Petella does not hesitate to say of him that he was “one of the most renowned personages of Europe during the thirteenth century, from the point of view of the triple evolution of his extraordinary mind, which caused him to make his mark in the physical sciences, in the metaphysical sciences, and in the religious world. In him there was an incarnation of the savant of the time, and he must be considered the most perfect encyclopedist of the Middle Ages in their first renascence.”

Anyone who reads Dr. Petella’s account of this book by Pope John XXI. will be surprised at how much was known about diseases of the eye at the middle of the thirteenth century. For instance, hardening of the eye is spoken of as a very serious affection, so that there seems to be no doubt that the condition now known as glaucoma was recognized and its bad prognosis appreciated. His account of the external anatomy of the eye, eight coats of which he describes, beginning with the conjunctiva and ending with the retina, is quite complete. The eye is said to have eight muscles, the levator of the upper eyelid and the sphincter muscle of the eye being counted among them. The other muscles are picturesquely described as reins, that is, guiding ribbons for the eye. Cataract is described as water descending into the eye, and two forms of it are distinguished–one traumatic, due to external causes, and the other due to internal causes. Lachrimal fistula is described and its causes discussed. Various forms of blepharitis are touched upon. Many suggestions are made for the treatment of trichiasis. That a man who was as distinguished in medicine as Peter of Spain should have been elected Pope, is the best possible proof that there was no opposition between science and religion during the thirteenth century.

James J. Walsh, The Popes and Science (1908)

Most of what historical writers generally, who follow the old traditions of the medieval eclipse of medicine, have to say with regard to the supposed Papal opposition to the development of medical science, is founded on the assumption that men who believed in miracles and in the efficacy of prayer for the relief of disease could not possibly be interested to any serious degree in scientific medicine…Once more, as in the case of the supposed failure of surgery to develop during the Middle Ages, it is a deduction that has been made from certain supposed principles, and not an induction from the actual facts as we know them. Such historians would be the first to emphasize the narrowness of the schoolmen for their supposed dependence on deduction, but what they have to say on medical history is entirely deductive, and unfortunately from premises that will not stand in the presence of the story of the wonderful rise and development of medical science and medical education, mainly under the patronage of ecclesiastics, in the Middle Ages.

James J. Walsh, The Popes and Science (1908)

Another striking evidence of the deep interest of these generations in science of all kinds and in details of information with regard to which they are generally said to have been quite incurious, was the publication of the famous encyclopedia, the first work of its kind ever issued, which was written about the middle of the thirteenth century by Vincent of Beauvais. It is only when a generation actually calls for it, and when the want of it has been for a good while felt, that such a work is likely to be undertaken. This immense literary undertaking was completed under the patronage of King Louis IX. by Vincent, a Dominican friar, who died at the beginning of the last quarter of the thirteenth century. His Majus Speculum is not the first book of general information, but it is the first deserving the name of Encyclopedia in the full sense of the word that we have. It is divided into three parts–the Speculum Naturale, Doctrinale, and Historiale. The only one which interests us here is the Speculum Naturale, which fills a huge folio volume of nearly a thousand pages, closely printed in double columns. It is divided into 32 books and some 4,000 chapters. The Encyclopaedia Brittanica says of it:–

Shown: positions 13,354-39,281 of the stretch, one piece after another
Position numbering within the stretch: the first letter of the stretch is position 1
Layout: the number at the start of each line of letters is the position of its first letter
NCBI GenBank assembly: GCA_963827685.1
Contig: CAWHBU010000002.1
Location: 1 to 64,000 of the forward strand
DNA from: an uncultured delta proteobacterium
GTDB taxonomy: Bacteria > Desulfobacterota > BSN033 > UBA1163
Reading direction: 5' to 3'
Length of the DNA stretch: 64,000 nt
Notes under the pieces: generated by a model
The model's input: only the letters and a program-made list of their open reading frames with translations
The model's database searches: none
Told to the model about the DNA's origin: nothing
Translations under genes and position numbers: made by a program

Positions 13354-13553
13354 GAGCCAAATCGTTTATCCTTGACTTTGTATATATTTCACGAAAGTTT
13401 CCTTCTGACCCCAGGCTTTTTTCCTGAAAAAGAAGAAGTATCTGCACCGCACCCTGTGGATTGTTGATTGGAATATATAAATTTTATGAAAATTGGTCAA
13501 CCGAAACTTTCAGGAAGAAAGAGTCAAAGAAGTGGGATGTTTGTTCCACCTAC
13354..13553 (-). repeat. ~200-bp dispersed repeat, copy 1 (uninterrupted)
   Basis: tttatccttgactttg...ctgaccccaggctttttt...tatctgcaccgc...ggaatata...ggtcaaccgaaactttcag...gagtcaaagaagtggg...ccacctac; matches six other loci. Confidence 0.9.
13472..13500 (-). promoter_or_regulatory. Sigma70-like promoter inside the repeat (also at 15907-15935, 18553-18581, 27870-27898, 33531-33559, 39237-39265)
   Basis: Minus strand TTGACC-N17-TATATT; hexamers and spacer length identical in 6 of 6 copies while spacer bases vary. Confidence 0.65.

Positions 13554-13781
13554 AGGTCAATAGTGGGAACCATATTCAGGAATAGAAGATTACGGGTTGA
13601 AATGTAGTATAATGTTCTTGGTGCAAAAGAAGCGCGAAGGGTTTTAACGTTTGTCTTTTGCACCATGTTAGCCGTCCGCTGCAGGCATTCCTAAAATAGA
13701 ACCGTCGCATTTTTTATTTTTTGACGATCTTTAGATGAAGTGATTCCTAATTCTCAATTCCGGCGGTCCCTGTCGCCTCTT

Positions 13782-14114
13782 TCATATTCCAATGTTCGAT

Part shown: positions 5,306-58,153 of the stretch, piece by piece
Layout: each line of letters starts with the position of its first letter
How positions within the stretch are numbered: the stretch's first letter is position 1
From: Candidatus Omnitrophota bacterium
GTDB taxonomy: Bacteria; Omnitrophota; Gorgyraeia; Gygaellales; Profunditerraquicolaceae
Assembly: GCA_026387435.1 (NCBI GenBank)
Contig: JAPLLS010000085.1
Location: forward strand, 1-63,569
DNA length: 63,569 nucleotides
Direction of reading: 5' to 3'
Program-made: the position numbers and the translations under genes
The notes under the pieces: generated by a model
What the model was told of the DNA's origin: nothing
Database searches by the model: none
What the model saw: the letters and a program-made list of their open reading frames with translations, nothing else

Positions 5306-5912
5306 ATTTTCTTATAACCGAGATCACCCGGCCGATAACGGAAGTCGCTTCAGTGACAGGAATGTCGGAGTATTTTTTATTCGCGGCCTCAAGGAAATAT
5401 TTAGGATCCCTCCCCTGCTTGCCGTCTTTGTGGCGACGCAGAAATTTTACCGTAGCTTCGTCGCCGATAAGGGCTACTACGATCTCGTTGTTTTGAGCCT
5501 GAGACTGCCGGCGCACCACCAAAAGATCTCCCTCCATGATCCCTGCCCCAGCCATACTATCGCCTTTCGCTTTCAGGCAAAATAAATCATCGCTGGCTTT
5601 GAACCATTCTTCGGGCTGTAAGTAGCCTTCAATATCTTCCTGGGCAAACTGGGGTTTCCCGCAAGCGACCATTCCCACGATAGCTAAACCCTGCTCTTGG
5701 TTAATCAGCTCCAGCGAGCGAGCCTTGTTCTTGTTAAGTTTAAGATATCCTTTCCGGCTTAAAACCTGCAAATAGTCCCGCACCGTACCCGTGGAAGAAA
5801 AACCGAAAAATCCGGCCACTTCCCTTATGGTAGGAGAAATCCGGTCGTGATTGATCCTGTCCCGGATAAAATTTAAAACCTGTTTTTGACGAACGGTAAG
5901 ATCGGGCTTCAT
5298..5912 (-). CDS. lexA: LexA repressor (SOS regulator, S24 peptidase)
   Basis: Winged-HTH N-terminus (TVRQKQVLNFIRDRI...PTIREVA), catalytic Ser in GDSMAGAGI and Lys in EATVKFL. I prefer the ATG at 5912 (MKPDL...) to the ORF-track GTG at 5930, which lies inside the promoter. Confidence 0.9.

“It was, as it were, the great temple of medieval science, whose floor and walls are inlaid with an enormous mosaic of skilfully arranged passages from Latin, Greek, Arabic, and even Hebrew authors. To each quotation, as he borrows it, Vincent prefixes the name of the book and the author from which it is taken, distinguishing, however, his own remarks by the word ‘actor.'”

James J. Walsh, The Popes and Science (1908)

Further reading/viewing: vincentiusbelvacensis.eu – a website dedicated to Vincent of Beauvais

The characteristic medieval theory about women, thus laid down and debated, was the creation of two forces, the Church and the Aristocracy, and it was extremely inconsistent. The Church and the Aristocracy were not only often at loggerheads with each other, but each was at loggerheads with itself, and both taught the most contradictory doctrines, so that women found themselves perpetually oscillating between a pit and a pedestal. […]

But the theory about women, inconsistent and the work of a small articulate minority as it was, was only one factor in determining their position and it was the least important factor. The fact that it received a voluminous and often striking literary expression has given it a somewhat disproportionate weight, and to arrive at the real position of women it is necessary constantly to equate it with daily life, as revealed in more homely records. The result is very much what common sense would indicate, for in daily life the position occupied by woman was one neither of inferiority nor of superiority, but of a certain rough-and-ready equality. This equality was as marked in the feudal as in the working classes; indeed it allowed the lady of the upper classes considerably more scope than she sometimes enjoyed at a much later period, for example, in the eighteenth and early nineteenth centuries.

C. G. Crump & E.F. Jacob, The Legacy of the Middle Ages (1951)